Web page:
Is there no escaping the celebrity news?

Last weekend saw the first Bank holiday of the summer and had everything one can expect from arguably the busiest of the year including a heat wave, Dublin senior footballers making their way to a Leinster Semi Final and bucket loads of celebrity gossip and news. I can imagine there were very few people who would dispute the phenomenal weather the weekend brought, or the win Dublin took over Laois (non-Dublin supporters obviously might!) but the most talked about news was undoubtedly in regards to Britain’s Got Talent, Cheryl Cole getting dropped from X Factor USA or Ryan Giggs infidelity that just won’t go away!

It got me thinking about pop culture, particularly the celebrity gossip and how it’s next to impossible to escape from. Fair enough if you want to see who is rigged to win the endless competitive reality shows or Cheryl Cole in tears over her apparent endless misfortunes there are options available to the consumer in the form of magazines like Heat or Now and tabloid newspapers like the Sun or the Mirror. Is it possible to pick up a newspaper these days and not see a front page headline regarding cheating footballers and distraught celebrities?

Take the Financial Times, a daily broadsheet international business newspaper with a weekly weekend edition, with readers said to be of a more ‘educated’ calibre. FT online states that over 1.3 million people in 140 countries count on the paper to keep them informed about global business, economics and politics. Just over a week ago, Lady Gaga graced the cover of not only the FT Weekend Magazine, but also the actual broadsheet cover, creating some controversy as to whether it was in sync with usual FT content. The Sunday Business Post at the weekend had an interesting article in regards to the Financial Times having an op-ed piece about Cheryl Cole’s career woes in it’s actual newspaper the previous Tuesday. Describing it as ‘surprising’, the Sunday Business Post went on to point out the increase in tabloid-style celebrity stories into the broadsheet paper.

The Financial Times is certainly not the first broadsheet newspaper to show continuing interest in celebrity news. The Guardian archive has over 1,000 articles citing Cheryl Cole, mostly filed under the category of ‘‘culture’’. Last week, the second-most read story on the online Guardian website was about ‘funny women existing in films’. During X Factor mania last year, the Irish Times dedicated a large section of the Saturday review to the show and it’s contestants, judges and ratings. More recently, an article about Irish model-turned-presenter Glenda Gilson possibly facing jail time appeared in close proximity to the continuing and total job loss in Ireland to date. Whatever spin or opinions the paper had on the ‘celeb’ based topic, it was still coverage that may or may not have fit into the newspaper.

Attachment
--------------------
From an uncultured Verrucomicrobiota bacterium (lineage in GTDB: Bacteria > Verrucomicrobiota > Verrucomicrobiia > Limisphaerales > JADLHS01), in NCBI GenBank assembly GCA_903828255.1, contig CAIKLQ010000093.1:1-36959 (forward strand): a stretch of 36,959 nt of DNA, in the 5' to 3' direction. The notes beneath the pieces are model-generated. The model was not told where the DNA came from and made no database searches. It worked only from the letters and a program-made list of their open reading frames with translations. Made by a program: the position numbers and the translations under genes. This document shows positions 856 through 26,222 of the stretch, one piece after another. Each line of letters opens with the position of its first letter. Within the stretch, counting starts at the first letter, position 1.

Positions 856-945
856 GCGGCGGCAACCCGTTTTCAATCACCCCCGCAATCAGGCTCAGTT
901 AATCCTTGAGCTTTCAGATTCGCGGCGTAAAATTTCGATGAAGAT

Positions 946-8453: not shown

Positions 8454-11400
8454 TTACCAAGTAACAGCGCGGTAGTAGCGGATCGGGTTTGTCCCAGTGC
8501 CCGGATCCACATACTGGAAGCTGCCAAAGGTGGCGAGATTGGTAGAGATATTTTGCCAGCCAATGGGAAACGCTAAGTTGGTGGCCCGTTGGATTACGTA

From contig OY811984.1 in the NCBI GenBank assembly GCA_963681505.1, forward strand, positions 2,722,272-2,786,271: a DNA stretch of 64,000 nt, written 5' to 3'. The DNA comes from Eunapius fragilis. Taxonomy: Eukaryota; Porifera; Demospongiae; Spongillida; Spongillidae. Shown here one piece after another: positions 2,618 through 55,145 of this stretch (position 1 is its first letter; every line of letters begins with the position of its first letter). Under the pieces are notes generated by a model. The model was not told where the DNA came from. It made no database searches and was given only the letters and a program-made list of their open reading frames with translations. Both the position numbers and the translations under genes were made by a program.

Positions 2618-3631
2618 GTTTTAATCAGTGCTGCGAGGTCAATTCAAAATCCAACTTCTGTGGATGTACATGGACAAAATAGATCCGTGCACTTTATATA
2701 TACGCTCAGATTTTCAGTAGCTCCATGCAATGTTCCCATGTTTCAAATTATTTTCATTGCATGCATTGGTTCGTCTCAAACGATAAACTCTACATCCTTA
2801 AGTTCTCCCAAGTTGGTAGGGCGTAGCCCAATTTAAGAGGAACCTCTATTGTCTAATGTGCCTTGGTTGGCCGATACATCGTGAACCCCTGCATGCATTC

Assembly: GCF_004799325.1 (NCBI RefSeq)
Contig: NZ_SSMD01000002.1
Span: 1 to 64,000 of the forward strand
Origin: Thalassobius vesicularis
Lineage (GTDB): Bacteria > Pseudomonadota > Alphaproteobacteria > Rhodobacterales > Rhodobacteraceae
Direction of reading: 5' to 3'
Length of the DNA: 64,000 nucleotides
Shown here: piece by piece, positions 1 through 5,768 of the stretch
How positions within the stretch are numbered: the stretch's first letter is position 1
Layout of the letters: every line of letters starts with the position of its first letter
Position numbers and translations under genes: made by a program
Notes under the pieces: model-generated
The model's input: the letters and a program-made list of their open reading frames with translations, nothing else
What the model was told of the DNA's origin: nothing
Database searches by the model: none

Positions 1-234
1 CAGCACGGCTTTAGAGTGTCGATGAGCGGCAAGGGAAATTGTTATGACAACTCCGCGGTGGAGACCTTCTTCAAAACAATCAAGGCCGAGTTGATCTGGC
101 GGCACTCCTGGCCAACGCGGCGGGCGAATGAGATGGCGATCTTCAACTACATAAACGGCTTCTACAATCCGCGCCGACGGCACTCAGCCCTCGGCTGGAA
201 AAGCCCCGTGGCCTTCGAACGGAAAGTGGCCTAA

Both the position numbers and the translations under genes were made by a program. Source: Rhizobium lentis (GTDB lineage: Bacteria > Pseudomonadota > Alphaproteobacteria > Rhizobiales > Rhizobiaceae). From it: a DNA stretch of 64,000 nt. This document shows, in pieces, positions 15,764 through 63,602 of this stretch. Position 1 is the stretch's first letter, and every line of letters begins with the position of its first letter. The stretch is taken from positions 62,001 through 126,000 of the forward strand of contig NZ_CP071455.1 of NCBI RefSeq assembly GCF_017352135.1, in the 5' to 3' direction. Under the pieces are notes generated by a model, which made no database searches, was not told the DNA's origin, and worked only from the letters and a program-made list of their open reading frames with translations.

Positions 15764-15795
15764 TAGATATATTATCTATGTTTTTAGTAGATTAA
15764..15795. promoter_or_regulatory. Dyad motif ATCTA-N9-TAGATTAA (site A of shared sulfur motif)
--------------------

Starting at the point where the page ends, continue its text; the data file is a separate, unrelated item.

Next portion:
So, with that being said, do the idea of articles on the ‘celebrity world’ really have a place in broadsheet newspapers? When the devoted FT or Guardian reader purchases their daily newspaper they are expecting purely business, financial and political world news and when celebrity news appears in amongst this is there appears to be no escape. Perhaps the readers of broadsheets have a genuine interest in Lady Gaga’s career, where it’s headed and where Cheryl Cole’s is not. So it makes me wonder is there no escape from the world of showbiz gossip or is the celeb news a nice distraction from all the business, economy and politics?

Posted by Carlene

2 Responses to “Is there no escaping the celebrity news?”
  1. Neasa says:

    Interesting debating point. I’m a big fan of culture, pop or otherwise, so don’t find it offensive to see it in the broadsheet pages, though I can imagine others might do. I can see their point if the serious newspapers are covering things like Cheryl Cole’s fall from grace which has no reprecussions beyond her own career.

    Lady GaGa on the other hand I would see as a very different matter. If you’re interested in business, you absolutely need to be up to speed on what Lady GaGa is doing. She should be of interest to anyone who is interested in the future of the entertainment business, the future of marketing, the future of media and the future of political influence.

  2. Bryan says:

    Yeah, I believe Lady Gaga is not much of a surprise to be seen in a business magazine. I mean, check out how she’s making the money nowadays. I bet she also has her own marketing strategies.

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